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Dad Reviews: Kinect for Xbox 360 as Rainy Day Family Adventure Fun

It was fitting that a Kinect for Xbox 360 video game system arrived in the mail on the same day it rained for the first time this winter. As the rains close in and keep us inside for long stretches, I am always looking for new and inventive ways to keep my busy daughter active — and, yes, sometimes out of my hair when I’m making dinner.

I think I found the answer — or at least another great tool to put in my toolbox of rainy day activities.

We had a blast with a few of the Kinect games – I’ll be reviewing some of them this week — as the entire family gathered around and played and laughed and giggled and had more fun with a video game than I ever thought possible. A few of the active games worked us so hard that my legs were actually sore the next day. I’m no slouch or couch potato either, coaxed onto my feet for the first time in ages. I’m training for a triathlon and feel like I’m in the best shape of my life, and yet … I got my ass handed to me by a video game. I was not expecting that. It was kind of awesome.

To be honest, I wasn’t expecting much when it came to the actual game play of the system. I remember years and years ago, before my daughter arrived, being excited about a PlayStation 2 game that promised to “see” your body and show you moving onscreen. It was clunky and slow and I could never get the sensors adjusted just right and eventually just shelved the thing. So when I heard that the Kinect for Xbox 360 promised the same thing, I was wary.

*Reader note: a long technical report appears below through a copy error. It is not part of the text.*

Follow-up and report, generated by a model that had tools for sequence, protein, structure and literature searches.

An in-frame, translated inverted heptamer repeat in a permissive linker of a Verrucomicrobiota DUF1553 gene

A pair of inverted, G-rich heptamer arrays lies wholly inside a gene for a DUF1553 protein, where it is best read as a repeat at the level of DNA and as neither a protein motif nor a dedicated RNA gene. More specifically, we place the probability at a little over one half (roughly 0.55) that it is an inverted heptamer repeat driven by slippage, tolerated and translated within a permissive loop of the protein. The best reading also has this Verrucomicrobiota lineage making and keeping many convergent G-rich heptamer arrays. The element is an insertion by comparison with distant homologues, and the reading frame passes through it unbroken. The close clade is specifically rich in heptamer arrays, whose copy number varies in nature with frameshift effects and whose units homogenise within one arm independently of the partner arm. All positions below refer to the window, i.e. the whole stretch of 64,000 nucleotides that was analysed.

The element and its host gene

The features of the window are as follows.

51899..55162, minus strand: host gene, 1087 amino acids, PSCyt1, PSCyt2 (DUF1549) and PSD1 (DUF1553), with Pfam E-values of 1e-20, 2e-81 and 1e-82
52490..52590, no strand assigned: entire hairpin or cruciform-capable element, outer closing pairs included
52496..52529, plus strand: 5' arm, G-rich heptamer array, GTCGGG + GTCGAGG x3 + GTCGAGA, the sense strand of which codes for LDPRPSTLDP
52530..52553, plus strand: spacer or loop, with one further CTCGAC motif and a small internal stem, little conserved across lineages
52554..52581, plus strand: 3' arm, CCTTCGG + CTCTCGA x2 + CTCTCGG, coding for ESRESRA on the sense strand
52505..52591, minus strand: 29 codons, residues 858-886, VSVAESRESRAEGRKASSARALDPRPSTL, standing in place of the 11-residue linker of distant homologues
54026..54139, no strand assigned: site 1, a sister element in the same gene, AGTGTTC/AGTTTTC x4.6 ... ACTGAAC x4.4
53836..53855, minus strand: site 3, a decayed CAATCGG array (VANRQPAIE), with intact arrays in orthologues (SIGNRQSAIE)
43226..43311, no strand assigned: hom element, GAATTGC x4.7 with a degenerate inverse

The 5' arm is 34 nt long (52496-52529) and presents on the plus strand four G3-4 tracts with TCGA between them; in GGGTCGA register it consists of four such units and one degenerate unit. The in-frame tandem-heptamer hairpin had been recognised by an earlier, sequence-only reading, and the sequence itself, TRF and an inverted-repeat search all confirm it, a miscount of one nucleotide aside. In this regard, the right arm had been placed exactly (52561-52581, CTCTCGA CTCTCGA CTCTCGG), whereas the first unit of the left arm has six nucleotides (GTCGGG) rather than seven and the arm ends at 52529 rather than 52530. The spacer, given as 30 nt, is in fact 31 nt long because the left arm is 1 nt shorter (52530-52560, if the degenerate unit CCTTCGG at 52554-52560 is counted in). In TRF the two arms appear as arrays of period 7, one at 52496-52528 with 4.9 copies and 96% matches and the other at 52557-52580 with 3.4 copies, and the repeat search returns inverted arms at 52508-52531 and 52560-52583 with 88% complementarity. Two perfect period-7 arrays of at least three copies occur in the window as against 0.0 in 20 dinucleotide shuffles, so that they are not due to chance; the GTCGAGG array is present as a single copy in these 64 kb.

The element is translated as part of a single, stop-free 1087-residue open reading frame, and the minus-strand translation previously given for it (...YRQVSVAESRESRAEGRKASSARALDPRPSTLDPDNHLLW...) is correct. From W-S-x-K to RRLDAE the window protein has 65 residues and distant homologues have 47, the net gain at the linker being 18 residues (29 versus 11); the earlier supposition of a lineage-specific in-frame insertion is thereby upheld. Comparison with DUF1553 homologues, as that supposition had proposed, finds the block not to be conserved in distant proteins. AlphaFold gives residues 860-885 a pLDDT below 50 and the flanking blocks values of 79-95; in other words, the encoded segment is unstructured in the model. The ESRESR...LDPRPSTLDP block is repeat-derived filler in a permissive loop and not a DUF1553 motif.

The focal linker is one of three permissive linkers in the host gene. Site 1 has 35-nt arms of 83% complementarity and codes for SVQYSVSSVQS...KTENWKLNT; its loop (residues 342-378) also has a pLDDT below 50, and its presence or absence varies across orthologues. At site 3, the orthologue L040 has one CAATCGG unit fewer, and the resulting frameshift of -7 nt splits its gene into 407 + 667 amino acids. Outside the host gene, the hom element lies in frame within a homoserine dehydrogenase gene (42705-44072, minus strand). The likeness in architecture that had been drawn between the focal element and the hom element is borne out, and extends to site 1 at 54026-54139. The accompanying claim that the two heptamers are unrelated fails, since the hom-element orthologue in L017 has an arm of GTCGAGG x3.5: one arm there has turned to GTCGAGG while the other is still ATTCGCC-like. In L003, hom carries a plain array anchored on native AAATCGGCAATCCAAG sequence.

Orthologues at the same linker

Technology has apparently come a long, long way in the past few years. (It should be noted here that we are not big video game people.) The system really did track our every move and mimicked closely onscreen what we were doing with our bodies off screen — no controllers needed. My wife, daughter and and I ended up playing games for a lot longer than we imagined, racing each other in downhill skiing or trying to help each other through a river raft adventure. There were tiny moments of aggravation — no one could figure out how to move from sporting event to sporting event without basically resetting the system and having to wait for long stretches between competitions — but eventually we started to figure out shortcuts that allowed for faster game play. It took the adults about five seconds to figure out how to control the system, while it took my daughter, age 5, much longer. To be fair, this was probably the second time we ever let her play video games, so she had some catching up to do. Plus, it was pretty comical for us to watch — like handing a Luddite an iPhone and watching all the fumbles. After a few games, she seemed to get the hang of it.